The upshot of all this is that despair and death are everywhere. The ARUS president isn’t content with anything less than the murder of every child on Module 77, and his stormtroopers do a good job of trying to meet that goal in some of the most graphic brutality of the anime year. He and Amadeus declare a new “Dorso-ARUS alliance” to meet the “threat” of Module 77 and the monsters it’s been hiding. Worst of all, though, is the way the students turn on Haruto and the others once they see Barnet’s report and the ARUS troops start shooting. Iori – who’s just seen her father sucked dry of runes – leads the charge, and after she lures Haruto onto the shuttle the students will eventually use to escape she turns a gun on him, shooting him through the heart. The greatest blow of all, though, is that Shouko herself turns on Haruto once she sees the proof with her own eyes that he’s no longer human – especially given that he’s started to lose his memories of her as his runes start to run dry – and agrees to turn him over to ARUS in exchange for safe passage.
If there was any part of the episode that didn’t really work for me, that was it – I know what she saw was pretty damning but it seemed quite out-of-character for Shouko to turn on Haruto even so. Not to mention the fact that any idiot would have known the ARUS president wouldn’t follow through on any promises he made – it more or less felt like the dreaded stupid stick was waved around pretty liberally in order to facilitate the plot. That said, it was still an effective gut-punch – especially when Inazuka becomes the latest addition to what’s becoming an alarmingly impressive body count (though he leaves no body), sacrificing himself so that the others can escape (including possibly Coffee and Sugar, though their status isn’t 100% clear). Inazuka was always on the fringe of the story but his death was still significantly impactful, coming on the heels of being called a monster by Iori. In a sense he sacrificed himself for Haruto and Shouko specifically, though given what we know about Haruto’s condition and where it inevitably leads, as well as he and Shouko’s conspicuous absence from the flash-forwards, it seems very likely that will have been in vain.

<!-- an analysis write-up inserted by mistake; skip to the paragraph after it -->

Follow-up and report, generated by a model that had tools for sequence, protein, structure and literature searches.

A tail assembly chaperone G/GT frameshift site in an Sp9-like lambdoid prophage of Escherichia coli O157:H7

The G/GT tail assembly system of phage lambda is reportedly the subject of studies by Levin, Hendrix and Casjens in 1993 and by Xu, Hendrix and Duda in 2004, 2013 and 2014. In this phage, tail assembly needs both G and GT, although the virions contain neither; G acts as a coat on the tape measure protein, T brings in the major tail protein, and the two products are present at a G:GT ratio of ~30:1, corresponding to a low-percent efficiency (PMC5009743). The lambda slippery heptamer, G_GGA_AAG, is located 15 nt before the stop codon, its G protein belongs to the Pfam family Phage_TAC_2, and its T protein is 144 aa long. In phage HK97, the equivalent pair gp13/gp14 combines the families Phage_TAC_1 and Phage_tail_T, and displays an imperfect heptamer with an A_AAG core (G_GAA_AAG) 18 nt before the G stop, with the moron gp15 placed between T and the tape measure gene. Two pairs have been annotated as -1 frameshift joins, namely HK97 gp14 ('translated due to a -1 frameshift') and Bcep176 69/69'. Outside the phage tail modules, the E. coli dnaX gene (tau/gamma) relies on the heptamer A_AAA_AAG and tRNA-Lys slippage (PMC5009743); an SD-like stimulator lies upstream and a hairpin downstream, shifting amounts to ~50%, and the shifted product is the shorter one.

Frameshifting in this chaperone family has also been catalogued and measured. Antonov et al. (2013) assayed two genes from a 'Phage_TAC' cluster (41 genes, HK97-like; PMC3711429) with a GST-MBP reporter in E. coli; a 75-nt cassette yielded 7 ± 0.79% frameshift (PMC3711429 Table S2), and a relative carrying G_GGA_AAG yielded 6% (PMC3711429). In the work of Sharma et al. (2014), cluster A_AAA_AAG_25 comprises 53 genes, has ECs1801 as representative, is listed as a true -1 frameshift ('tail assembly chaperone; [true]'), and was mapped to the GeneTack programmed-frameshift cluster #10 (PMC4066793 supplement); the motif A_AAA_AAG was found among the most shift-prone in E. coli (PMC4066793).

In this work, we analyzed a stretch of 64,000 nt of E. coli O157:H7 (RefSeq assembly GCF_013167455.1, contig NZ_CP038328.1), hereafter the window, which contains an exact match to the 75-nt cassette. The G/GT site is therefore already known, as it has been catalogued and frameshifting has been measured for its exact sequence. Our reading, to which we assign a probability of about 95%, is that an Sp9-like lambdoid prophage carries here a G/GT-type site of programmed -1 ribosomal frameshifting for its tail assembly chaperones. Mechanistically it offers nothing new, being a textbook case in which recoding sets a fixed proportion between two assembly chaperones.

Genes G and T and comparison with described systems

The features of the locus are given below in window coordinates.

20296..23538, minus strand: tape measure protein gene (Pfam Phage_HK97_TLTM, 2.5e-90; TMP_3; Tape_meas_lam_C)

You have to look pretty hard to find any sources of hope in Valvrave lately, but if there is any it seems to lie in the remnants of A-Drei’s old squad. L-Elf remains completely apathetic in the wake of Lieselotte’s death, but A-Drei himself is not – in addition to being Saki’s probable path to survival, he hasn’t lost interest in L-Elf for a moment. X-Eins too is wavering in the wake of H-Neun’s death and what he suspects about it – and for that matter, we haven’t seen a body either so H-Neun himself can’t totally be counted out. Something is going to re-start L-Elf’s engine sooner or later, and it’s seemed to me for quite some time that Yama Arashi (with the possible exception of the hopelessly dense and single-minded Q-Vier) are likely to end this series once again fighting for the same side, and probably side-by-side.